The south of Iceland tightens up rules on answering the call of nature outdoors

If you are planning to decamp to the south of Iceland, you will have to take on board new rules that have been introduced to police outdoor behaviour.

The south of Iceland is tightening up its camping and outdoor urinating rules. Image: Henn Photography/Getty Images

After a series of reported antisocial incidents, including people urinating and defecating in public, Icelandic police have announced rule changes that will make it illegal for tourists to sleep in tents, RVs or caravans outside of designated camp sites. The rule changes will also forbid people to relieve themselves in public or on private land and property, and anyone caught flouting the law will be made to clean up their own mess.

The Blue Lagoon leisure spa in Iceland. Image by Leon Neal/AFP/Getty Images

“There has been a lot of talk about tourists camping or parking RVs in places where it’s illegal,” says Gunnar Þorgeirsson, head of the association for municipalities in the south of Iceland. “The fact is that most tourists want to do the right thing and follow the law.”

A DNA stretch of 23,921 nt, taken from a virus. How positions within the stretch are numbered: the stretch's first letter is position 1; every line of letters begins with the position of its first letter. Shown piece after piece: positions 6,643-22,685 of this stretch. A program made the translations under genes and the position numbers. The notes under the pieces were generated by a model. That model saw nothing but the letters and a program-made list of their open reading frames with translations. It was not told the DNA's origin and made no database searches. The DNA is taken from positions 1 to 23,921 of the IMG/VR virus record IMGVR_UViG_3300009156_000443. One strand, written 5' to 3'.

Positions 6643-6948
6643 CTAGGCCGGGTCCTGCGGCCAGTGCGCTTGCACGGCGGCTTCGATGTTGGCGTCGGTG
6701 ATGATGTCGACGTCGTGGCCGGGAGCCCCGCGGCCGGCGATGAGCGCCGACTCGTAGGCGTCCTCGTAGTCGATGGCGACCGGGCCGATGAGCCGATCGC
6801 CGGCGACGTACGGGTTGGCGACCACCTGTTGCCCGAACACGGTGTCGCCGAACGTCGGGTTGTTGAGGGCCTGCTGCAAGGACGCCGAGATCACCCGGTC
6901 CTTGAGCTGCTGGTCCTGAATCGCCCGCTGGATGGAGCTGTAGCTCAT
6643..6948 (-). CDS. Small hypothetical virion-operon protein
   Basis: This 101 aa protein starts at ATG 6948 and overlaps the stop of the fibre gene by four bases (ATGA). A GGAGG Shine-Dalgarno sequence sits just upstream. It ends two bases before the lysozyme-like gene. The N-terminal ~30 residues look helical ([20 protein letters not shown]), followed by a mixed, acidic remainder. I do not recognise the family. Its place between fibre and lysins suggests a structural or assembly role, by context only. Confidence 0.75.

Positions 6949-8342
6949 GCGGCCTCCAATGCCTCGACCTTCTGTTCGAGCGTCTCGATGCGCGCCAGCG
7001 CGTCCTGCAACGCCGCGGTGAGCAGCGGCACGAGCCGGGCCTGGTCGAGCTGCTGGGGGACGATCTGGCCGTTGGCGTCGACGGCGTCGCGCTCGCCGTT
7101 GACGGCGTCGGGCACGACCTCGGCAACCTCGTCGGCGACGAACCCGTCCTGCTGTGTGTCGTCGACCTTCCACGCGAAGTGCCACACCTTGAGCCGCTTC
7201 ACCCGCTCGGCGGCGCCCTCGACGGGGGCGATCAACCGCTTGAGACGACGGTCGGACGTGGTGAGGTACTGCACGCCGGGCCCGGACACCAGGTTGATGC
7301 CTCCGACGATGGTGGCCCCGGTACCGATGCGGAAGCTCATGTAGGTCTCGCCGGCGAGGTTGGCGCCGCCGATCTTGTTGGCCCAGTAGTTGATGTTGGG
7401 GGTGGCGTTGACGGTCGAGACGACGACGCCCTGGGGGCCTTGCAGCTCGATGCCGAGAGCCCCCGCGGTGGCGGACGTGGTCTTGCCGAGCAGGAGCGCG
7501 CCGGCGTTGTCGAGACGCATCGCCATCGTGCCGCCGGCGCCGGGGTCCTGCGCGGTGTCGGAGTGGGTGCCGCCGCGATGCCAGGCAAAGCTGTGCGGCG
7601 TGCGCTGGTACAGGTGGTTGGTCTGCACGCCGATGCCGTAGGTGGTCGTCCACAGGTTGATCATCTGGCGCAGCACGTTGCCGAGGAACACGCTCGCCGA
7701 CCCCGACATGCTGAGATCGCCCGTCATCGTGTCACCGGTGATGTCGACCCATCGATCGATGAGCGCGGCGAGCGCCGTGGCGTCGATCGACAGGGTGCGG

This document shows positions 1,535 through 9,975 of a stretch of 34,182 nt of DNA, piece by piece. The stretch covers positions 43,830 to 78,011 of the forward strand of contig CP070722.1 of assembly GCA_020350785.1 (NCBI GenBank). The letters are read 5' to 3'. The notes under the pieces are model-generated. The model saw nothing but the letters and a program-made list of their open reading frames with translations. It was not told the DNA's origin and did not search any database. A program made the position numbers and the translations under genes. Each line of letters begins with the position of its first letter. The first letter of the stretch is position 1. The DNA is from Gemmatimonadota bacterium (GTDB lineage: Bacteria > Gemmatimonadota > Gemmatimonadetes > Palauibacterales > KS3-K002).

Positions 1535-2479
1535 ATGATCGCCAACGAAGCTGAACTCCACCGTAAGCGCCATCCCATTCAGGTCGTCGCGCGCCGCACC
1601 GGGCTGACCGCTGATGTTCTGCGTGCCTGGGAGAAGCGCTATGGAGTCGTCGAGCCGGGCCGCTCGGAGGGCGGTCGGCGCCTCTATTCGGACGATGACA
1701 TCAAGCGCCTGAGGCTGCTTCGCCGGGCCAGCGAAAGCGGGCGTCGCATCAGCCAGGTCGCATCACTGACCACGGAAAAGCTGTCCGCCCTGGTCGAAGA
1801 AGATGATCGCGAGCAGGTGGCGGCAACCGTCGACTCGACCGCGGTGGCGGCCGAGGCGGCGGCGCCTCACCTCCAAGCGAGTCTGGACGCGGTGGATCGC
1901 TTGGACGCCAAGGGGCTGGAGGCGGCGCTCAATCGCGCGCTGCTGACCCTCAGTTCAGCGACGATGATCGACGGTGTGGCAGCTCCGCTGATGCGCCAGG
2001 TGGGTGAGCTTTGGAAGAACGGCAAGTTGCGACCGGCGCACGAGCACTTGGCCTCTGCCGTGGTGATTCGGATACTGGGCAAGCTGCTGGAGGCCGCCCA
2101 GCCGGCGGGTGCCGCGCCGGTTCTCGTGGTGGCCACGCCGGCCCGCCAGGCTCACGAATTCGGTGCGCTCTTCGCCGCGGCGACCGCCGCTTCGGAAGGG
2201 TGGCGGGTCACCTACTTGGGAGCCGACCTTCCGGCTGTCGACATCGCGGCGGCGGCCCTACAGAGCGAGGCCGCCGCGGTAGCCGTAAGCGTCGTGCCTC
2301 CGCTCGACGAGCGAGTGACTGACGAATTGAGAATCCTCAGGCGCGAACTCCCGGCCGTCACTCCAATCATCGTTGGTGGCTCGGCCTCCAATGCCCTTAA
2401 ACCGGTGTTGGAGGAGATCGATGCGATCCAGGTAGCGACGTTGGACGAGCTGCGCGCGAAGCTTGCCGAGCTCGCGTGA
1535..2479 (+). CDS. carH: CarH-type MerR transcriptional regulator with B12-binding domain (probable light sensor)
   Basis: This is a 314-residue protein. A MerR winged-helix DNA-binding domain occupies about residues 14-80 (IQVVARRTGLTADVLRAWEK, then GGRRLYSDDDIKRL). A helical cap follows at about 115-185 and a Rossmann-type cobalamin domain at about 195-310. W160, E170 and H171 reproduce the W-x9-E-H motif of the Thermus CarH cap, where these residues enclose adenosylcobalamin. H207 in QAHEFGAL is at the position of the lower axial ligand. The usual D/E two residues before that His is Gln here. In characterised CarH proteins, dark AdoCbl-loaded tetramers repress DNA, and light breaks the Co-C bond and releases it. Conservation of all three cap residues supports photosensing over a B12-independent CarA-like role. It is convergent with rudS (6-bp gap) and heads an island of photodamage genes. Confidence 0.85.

Iceland is a hugely popular location for visitors thanks to its spectacular natural amenities, geothermal lagoons and glittering glaciers. The chance of being dazzled by the Aurora Borealis draws people from all over the world, many of whom go on road trips in pursuit of the colourful northern lights.

People on the cliffs of Reykjanesviti, Iceland. Image: Alexander Scheuber/Getty Images

Until now, rules have varied between municipalities, which has caused confusion and complicated matters for police. Now that the new laws have been introduced in response to increased tourism in the south of the island, it is hoped that they will eliminate future incidences of antisocial behaviour.

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The south of Iceland tightens up rules on answering the call of nature outdoors
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